Two hours later, they hit first a chain grocery store in Guelph—Ty didn’t even have milk to go with his one cereal box—then a small cafe where they had a late brunch.
“Did you know a banana is actually a berry?” Ty asked.
Elias looked at him, wondering what brought on that particular point of conversation.
“Says so right here.” Ty slid his paper placemat—full of random food facts and pictures—closer to Elias. Elias’s placemat had a fill-in-the-dots drawing, a tiny crossword, a word scrambler, a maze, and a spot-the-difference challenge. Clearly the universe was playing a cosmic joke. He’d ended up with the children’s placemat irrespective of the eighteen-year-old lookalike sitting across from him.
“So, it’s really a bananaberry?” Elias asked.
For some reason Ty thought that was hilarious. After dropping the groceries off at Ty’s, they headed to the Starkey Hill Interpretive Trail for some snowshoeing. Of course it took Ty all of five seconds to find his snowshoes and poles, and yet the lube and condoms were still MIA.
But that was fine. They'd stocked up at the store.
Elias brought his camera. It went everywhere with him anyway, but he’d been an idiot yesterday, leaving it in his car all day and then overnight in the cold. He was damn lucky it had turned on this morning.
Landscape and wildlife photography were his passions, but he found himself distracted today by Ty’s perfect face. Even in his ugly, poofy snowman coat he looked good enough to pounce on. He looked like a graceful angel on his snowshoes. By contrast Elias felt like an unbalanced bear. He kept forgetting to widen his stance so that he didn’t step on his snowshoe frame with the other foot.
“What are you doing?”
Elias was on his back in the snow, camera held up to his face as he focused on a blue jay in a leafless tree above him. From below like this, it’d be a really cool shot, the bird’s blue feathers stark against the dull brown tree branches. He could probably submit the photo to CanadaBirds—a sister magazine of CanadaTravels—for consideration. Zooming his lens accordingly and adjusting his manual settings, he tried to keep very still so the bird didn’t get scared and take off. He wanted a bit of a blurry background so he set his f-stop to—
—A nose pinked from the cold appeared in his viewfinder. He was so surprised he hit the shutter-release by accident. And when he saw the image that appeared on his monitor, he couldn’t help but chuckle, sending the blue jay scurrying off.
“What’s so funny?”
Elias turned the camera to show Ty. Ty peered at it, squinted, and said, “I look hot.”
It was a picture of his left nostril and part of his eye. Elias kept laughing.
“Here, take a better one,” Ty said and plopped down in the snow next to Elias.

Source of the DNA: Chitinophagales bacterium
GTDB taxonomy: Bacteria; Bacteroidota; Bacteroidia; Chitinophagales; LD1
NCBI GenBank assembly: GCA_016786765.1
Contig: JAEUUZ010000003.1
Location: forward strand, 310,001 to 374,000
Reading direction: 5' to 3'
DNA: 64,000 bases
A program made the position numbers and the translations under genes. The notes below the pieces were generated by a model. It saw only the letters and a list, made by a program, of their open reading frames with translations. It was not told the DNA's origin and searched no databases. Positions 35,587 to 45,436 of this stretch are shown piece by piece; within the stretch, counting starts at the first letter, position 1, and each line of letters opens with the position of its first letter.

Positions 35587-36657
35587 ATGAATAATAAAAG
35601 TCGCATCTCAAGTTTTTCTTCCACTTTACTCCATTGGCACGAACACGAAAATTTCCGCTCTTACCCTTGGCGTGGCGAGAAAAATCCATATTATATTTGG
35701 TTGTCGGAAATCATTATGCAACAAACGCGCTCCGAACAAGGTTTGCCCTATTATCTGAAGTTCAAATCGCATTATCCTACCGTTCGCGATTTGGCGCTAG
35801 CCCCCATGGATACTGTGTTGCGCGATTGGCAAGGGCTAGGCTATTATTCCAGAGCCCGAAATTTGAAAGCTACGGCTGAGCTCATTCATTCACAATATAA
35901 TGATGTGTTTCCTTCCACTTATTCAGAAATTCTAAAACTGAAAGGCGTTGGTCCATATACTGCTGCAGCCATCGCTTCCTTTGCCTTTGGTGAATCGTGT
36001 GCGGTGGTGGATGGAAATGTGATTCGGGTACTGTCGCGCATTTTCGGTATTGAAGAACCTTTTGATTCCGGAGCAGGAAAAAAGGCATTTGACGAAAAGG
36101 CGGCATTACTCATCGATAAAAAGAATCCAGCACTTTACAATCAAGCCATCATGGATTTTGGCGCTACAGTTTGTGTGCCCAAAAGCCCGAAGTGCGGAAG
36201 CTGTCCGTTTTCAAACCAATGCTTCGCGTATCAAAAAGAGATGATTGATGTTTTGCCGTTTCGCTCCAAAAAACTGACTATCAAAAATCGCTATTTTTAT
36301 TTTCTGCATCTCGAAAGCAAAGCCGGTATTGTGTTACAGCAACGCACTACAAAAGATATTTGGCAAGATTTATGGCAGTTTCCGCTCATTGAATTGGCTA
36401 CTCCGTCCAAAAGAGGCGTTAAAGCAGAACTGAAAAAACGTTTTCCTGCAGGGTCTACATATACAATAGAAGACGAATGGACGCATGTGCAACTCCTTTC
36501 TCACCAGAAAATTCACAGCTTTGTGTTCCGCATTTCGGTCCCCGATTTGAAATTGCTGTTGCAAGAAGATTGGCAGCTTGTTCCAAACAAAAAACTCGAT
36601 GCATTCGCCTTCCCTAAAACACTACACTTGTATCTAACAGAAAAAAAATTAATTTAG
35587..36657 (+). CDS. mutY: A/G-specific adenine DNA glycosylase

“Oh, no,” Elias said. “I don’t really get in front of the cam—”
Ty had the picture taken before Elias could finish his sentence. Except none of the settings had been adjusted, so instead of a selfie of the two of them, Elias had a blurry picture of what might have been his own beard or could’ve been the tree trunk behind them.
Ty cracked up.
Elias took a picture of him like that, head thrown back, eyes half-closed, mouth wide, teeth glistening bright as the snow that was also stuck in his hair now. That way he’d have this moment forever and could always look back on it and remember how good it felt to be in that first honeymoon phase of dating someone who felt about Elias the same way Elias felt about him, when everything was wonderful and new and fun.
That carefree laughter was the best kind of kick in the gut. Without thinking twice about it, he moved in on Ty and kissed his still laughing mouth. Ty was still chuckling as he kissed Elias back, mouth cold, tongue warm. It took hardly any prompting from Elias for Ty to roll himself on top of him but Ty’s coat was so slick that he landed on Elias and then slipped off him, landing on Elias’s other side, which only made him laugh harder. His good mood was contagious, and Elias laughed with him until the snow started soaking into his jeans.
“Come on, you goof,” Elias said, getting up with difficulty. Stupid snowshoes. “Let’s head back so we can get out of this cold.”
The wind chill was supposed to drop again overnight, and they could already feel it even though sunset was still three hours away.
“Let’s go winter camping,” Ty said, standing much more nimbly.
“What, now?” Never happen.
“No, not now.” Ty headed back onto the trail, in the direction they’d come from. Elias followed. “Next weekend?”
“You have a birthday party next weekend,” Elias reminded him, eyes on his feet so he didn’t trip himself up again. “Plus,” he continued, so that Ty didn’t think he was angling for an invite, “I hate to break it to you...but I don’t camp in winter.”
“Awww, but I wanna go camping with you.”
“Well, I wanna fuck you silly, so let’s go do that instead.”
For the first time since they started snowshoeing an hour and a half ago, Ty fell flat on his face.
***Copyright held by Amy Aislin